Fossil smugglers strike
Dinosaur eggs, bones and marine fossils, dating back to the Cretaceous period — which ended 65 million years ago — are being smuggled out from the Manawar tribal belt, about 140 km from here.india Updated: Jan 07, 2009 00:07 IST
Dinosaur eggs, bones and marine fossils, dating back to the Cretaceous period — which ended 65 million years ago — are being smuggled out from the Manawar tribal belt, about 140 km from here.
An investigation conducted by Hindustan Times, in collaboration with some amateur explorers, revealed that the smugglers were using some galleries in Pune to secretly reach the global buyer.
Manawar drew international attention after dinosaur eggs and nesting sites were spotted here for the first time in February 2007, by Mangal Panchayatan Parishad an organization of amateur explorers.
Though the eggs were identified as those of dinosaurs’ only in 2007, local tribals had been aware of the ‘round rock like objects’ scattered in the area for many decades. Some even used them as shivlingas, installing them in temples and offering poojas.
The Parishad tried to keep the nesting sites secret till they could be guarded and preserved properly. But as the word spread, the location of the sites became known and a target for smugglers trying to make easy money.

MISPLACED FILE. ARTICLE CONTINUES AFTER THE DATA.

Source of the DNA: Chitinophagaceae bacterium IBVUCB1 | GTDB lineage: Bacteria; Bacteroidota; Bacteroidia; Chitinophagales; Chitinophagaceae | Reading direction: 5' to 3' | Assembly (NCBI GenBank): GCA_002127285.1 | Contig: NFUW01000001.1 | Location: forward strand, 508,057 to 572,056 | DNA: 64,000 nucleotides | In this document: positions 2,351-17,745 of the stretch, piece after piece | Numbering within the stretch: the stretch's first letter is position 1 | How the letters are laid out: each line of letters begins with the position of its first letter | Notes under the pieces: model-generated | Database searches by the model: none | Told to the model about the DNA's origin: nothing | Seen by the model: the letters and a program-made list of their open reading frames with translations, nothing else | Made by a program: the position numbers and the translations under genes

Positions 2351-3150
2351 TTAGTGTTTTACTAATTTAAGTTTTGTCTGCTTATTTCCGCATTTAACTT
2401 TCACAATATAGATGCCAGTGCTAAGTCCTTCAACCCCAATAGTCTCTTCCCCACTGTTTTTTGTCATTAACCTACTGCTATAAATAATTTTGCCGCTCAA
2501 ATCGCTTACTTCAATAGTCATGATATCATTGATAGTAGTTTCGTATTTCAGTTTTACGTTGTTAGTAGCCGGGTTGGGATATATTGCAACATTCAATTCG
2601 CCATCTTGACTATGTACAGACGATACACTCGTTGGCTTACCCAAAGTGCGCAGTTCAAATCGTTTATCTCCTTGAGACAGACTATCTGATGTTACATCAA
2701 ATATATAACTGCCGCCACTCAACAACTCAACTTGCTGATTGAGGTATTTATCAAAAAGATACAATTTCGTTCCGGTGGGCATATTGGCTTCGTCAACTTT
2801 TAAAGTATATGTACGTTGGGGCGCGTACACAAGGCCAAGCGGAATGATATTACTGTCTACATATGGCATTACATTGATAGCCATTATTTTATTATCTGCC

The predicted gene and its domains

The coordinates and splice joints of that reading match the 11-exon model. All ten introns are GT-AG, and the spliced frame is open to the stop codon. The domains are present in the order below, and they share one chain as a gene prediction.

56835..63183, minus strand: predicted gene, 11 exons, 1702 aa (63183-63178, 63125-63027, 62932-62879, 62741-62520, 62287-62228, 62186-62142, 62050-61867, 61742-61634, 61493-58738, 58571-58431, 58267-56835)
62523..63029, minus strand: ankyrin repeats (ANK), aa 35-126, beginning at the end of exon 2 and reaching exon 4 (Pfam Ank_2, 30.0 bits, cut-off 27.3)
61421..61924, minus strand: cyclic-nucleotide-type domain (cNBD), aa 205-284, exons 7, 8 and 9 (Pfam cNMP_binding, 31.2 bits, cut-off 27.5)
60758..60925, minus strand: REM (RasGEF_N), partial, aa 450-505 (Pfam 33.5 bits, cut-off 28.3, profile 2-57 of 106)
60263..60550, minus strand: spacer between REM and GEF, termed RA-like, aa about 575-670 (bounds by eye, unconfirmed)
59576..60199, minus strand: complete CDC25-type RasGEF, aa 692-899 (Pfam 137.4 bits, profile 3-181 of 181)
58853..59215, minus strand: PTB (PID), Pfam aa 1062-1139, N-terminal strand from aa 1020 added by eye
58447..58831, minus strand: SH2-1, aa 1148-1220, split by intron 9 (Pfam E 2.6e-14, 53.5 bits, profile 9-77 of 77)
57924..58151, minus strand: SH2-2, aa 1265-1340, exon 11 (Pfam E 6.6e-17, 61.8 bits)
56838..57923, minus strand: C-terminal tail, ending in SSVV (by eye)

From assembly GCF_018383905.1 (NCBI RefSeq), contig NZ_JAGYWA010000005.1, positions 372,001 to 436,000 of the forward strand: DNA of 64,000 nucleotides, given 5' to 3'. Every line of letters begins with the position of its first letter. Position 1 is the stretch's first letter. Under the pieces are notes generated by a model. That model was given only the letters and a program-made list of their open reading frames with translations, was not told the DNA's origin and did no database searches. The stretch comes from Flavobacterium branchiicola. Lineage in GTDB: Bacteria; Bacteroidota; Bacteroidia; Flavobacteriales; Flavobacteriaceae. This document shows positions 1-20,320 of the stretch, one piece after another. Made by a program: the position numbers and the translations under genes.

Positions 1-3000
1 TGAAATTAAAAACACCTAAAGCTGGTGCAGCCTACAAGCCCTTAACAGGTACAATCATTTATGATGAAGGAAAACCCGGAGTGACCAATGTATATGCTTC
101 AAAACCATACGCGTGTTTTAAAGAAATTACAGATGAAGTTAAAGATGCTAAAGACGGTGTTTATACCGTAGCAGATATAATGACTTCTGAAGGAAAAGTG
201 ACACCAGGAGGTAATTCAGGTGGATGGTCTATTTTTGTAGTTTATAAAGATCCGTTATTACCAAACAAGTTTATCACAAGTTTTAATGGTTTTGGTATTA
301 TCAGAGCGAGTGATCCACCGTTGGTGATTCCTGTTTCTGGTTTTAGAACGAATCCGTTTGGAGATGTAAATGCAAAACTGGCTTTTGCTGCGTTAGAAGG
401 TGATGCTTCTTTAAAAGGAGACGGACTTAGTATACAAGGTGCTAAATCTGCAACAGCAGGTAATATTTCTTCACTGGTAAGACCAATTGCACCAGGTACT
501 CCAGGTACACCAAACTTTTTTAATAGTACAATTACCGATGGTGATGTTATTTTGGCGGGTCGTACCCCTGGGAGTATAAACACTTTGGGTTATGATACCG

The plant fossils from the same period found in this belt are also much sought after by international buyers.
“There is no relevant section in the Indian penal code to register a case against smugglers of this kind of material,” said Anil Kumar, Inspector General of Police, Indore. “This is a major hurdle in catching them.”
Vishal Verma, a member of the Parishad, said the fossils were procured from local tribesmen for as little as Rs 10 to 500, which “is a huge amount for a poor tribesman.”
A local resident, who is involved in the trade as a middleman, said on condition of anonymity that the fossils procured for Rs 10 to 500 were sold at the international markets at prices ranging from $200 to $8,000 a piece.
He said, “Local residents, especially bus conductors who come into contact with smugglers, help supply the materials to Maharashtra.” He added that it took around 15 days for one truckload of fossils to reach its destination.
The fossilised structures are then scattered on the roadside since only an expert knows the difference between a fossil and an ordinary piece of rock. Then the fossils are loaded onto trucks in the night. Near Dhamnod in Dhar district, another truck picks them up and leaves for Maharashtra.
The middleman, also pointed out at Kalu Noor, another local resident who shifted to Maharashtra after gaining prominence with the smugglers.
He confirmed that there were two galleries only for foreign tourists in an undisclosed location near Pune. One of the galleries was laid out in the basement of a building, where only top international dealers are allowed, he said.